In number theory, integer factorization is the decomposition of a composite number into a product of smaller integers. If these integers are further restricted to prime numbers, the process is called prime factorization.
Lets quickly walk through some basic integer factorization algorithms.
The first among those algorithms, most laborious, but easiest to understand is the trial divison.
Given an integer n (where n refers to “the integer to be factored”), trial division consists of systematically testing whether n is divisible by any smaller number
If n is not divisible by any smaller number, then n is a prime. Lets put this algorithm into code:
Furthermore, the trial factors need go no further than √n because, if n is divisible by some number p, then n = p × q and if q were smaller than p, n would have earlier been detected as being divisible by q or a prime factor of q. We could then rewrite an optimised version of the isPrime function based on the trial division in the following way:
Understandably this algorythm can be pretty resource intensive. A better approach could be to sieve a set of numbers using one of the many sieve algorithms available, like for example the:
Sieve of Eratosthenes
In mathematics, the sieve of Eratosthenes, one of a number of prime number sieves, is a simple, ancient algorithm for finding all prime numbers up to any given limit. It does so by iteratively marking as composite (i.e., not prime) the multiples of each prime, starting with the multiples of 2.
The algorythm can be braken down into the following steps:
- Create a list of consecutive integers from 2 through n: (2, 3, 4, …, n).
- Initially, let p equal 2, the first prime number.
- Starting from p, enumerate its multiples by counting to n in increments of p, and mark them in the list (these will be 2p, 3p, 4p, … ; the p itself should not be marked).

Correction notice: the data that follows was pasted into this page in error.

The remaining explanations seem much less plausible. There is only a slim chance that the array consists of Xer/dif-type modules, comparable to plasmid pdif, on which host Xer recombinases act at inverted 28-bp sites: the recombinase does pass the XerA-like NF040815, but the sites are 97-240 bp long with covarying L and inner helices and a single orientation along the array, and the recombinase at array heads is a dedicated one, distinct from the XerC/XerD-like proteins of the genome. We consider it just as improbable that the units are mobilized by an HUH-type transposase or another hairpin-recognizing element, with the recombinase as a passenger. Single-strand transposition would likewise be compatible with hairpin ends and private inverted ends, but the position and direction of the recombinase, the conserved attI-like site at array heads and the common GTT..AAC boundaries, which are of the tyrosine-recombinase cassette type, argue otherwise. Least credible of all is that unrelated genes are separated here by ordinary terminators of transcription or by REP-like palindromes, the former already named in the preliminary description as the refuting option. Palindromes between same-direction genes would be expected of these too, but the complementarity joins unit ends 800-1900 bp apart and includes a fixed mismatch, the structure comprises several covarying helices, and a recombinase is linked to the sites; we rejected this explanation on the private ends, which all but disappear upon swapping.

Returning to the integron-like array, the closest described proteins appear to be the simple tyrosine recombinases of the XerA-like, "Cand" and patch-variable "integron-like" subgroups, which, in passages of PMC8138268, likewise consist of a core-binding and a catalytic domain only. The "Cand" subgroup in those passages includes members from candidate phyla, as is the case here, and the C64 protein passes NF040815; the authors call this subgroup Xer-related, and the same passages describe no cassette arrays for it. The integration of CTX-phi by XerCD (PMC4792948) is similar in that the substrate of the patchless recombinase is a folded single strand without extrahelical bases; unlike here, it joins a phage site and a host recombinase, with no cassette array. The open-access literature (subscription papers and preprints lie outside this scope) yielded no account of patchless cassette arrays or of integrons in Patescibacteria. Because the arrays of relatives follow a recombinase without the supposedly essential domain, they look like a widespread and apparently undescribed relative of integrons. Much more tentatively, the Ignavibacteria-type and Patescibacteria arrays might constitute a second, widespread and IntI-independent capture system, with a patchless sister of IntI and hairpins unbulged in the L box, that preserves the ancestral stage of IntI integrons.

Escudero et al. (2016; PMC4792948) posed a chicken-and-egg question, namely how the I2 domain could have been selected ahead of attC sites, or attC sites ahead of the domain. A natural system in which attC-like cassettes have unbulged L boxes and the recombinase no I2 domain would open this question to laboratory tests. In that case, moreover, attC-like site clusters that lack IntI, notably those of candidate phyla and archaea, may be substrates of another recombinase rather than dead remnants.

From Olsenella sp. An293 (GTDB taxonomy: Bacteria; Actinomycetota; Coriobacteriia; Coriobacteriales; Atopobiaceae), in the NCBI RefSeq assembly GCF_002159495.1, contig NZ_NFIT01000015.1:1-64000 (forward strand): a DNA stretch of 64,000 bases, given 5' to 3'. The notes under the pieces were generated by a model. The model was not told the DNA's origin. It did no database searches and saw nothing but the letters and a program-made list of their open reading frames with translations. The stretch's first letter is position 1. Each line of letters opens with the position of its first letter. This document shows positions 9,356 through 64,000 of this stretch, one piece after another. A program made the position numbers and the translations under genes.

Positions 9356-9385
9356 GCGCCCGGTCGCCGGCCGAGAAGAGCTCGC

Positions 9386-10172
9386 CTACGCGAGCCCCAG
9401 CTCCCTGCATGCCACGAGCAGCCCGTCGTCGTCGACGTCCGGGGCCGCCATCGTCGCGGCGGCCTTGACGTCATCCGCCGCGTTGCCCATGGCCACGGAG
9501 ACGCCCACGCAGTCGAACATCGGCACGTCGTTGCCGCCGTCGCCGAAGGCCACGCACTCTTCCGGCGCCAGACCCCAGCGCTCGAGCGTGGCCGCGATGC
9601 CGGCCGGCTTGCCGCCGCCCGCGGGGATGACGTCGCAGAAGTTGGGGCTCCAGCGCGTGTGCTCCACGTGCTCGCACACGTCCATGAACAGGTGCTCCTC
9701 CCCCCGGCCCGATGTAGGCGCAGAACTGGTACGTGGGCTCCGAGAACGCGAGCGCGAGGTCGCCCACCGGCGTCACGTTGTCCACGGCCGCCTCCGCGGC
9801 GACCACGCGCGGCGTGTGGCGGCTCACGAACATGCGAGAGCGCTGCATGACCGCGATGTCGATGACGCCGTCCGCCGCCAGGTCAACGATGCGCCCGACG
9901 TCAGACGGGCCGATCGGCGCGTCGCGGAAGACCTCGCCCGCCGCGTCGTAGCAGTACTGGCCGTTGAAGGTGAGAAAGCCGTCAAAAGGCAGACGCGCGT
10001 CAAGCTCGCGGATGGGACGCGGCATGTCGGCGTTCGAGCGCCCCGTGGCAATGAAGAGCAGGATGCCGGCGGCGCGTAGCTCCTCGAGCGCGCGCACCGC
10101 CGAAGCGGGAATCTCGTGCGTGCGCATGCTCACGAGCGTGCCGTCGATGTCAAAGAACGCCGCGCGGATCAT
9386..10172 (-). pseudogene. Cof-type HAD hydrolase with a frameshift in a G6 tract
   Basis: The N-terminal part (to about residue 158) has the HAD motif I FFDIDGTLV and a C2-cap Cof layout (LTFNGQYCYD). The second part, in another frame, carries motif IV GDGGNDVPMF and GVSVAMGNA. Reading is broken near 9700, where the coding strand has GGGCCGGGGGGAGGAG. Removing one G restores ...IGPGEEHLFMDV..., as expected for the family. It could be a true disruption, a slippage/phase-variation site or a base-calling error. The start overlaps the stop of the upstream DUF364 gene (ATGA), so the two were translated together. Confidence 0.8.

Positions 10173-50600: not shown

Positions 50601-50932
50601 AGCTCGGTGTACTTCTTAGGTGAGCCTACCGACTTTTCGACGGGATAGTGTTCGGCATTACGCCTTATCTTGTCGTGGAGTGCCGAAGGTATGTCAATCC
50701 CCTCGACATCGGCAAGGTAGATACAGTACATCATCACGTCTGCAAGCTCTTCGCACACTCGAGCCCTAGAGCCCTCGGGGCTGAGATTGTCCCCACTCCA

- Find the first number greater than p in the list that is not marked. If there was no such number, stop. Otherwise, let p now equal this new number (which is the next prime), and repeat from step 3.
Assuming we already have a list of consecutive integers from 2 through n, we could put the sieving into the following code:
Again, as the original algorithm suggest there are few optimization that could be done:
- As a refinement, it is sufficient to mark the numbers in step 3 starting from p^2, as all the smaller multiples of p will have already been marked at that point. This means that the algorithm is allowed to terminate in step 4 when p^2 is greater than n.
- Another refinement is to initially list odd numbers only, (3, 5, …, n), and count in increments of 2p in step 3, thus marking only odd multiples of p.
and here the refined code:
As the sieving range gets larger, it is necessary to change the implementation to only sieve primes per page segment. In other words we should paginates the list to optimize for larger cases, and this is excactly what a wheel factorization algorithm does.
Learn more about the wheel factorization and discover other interesting Integer factorization algos like Fermat’s, Euler’s and Dixon’s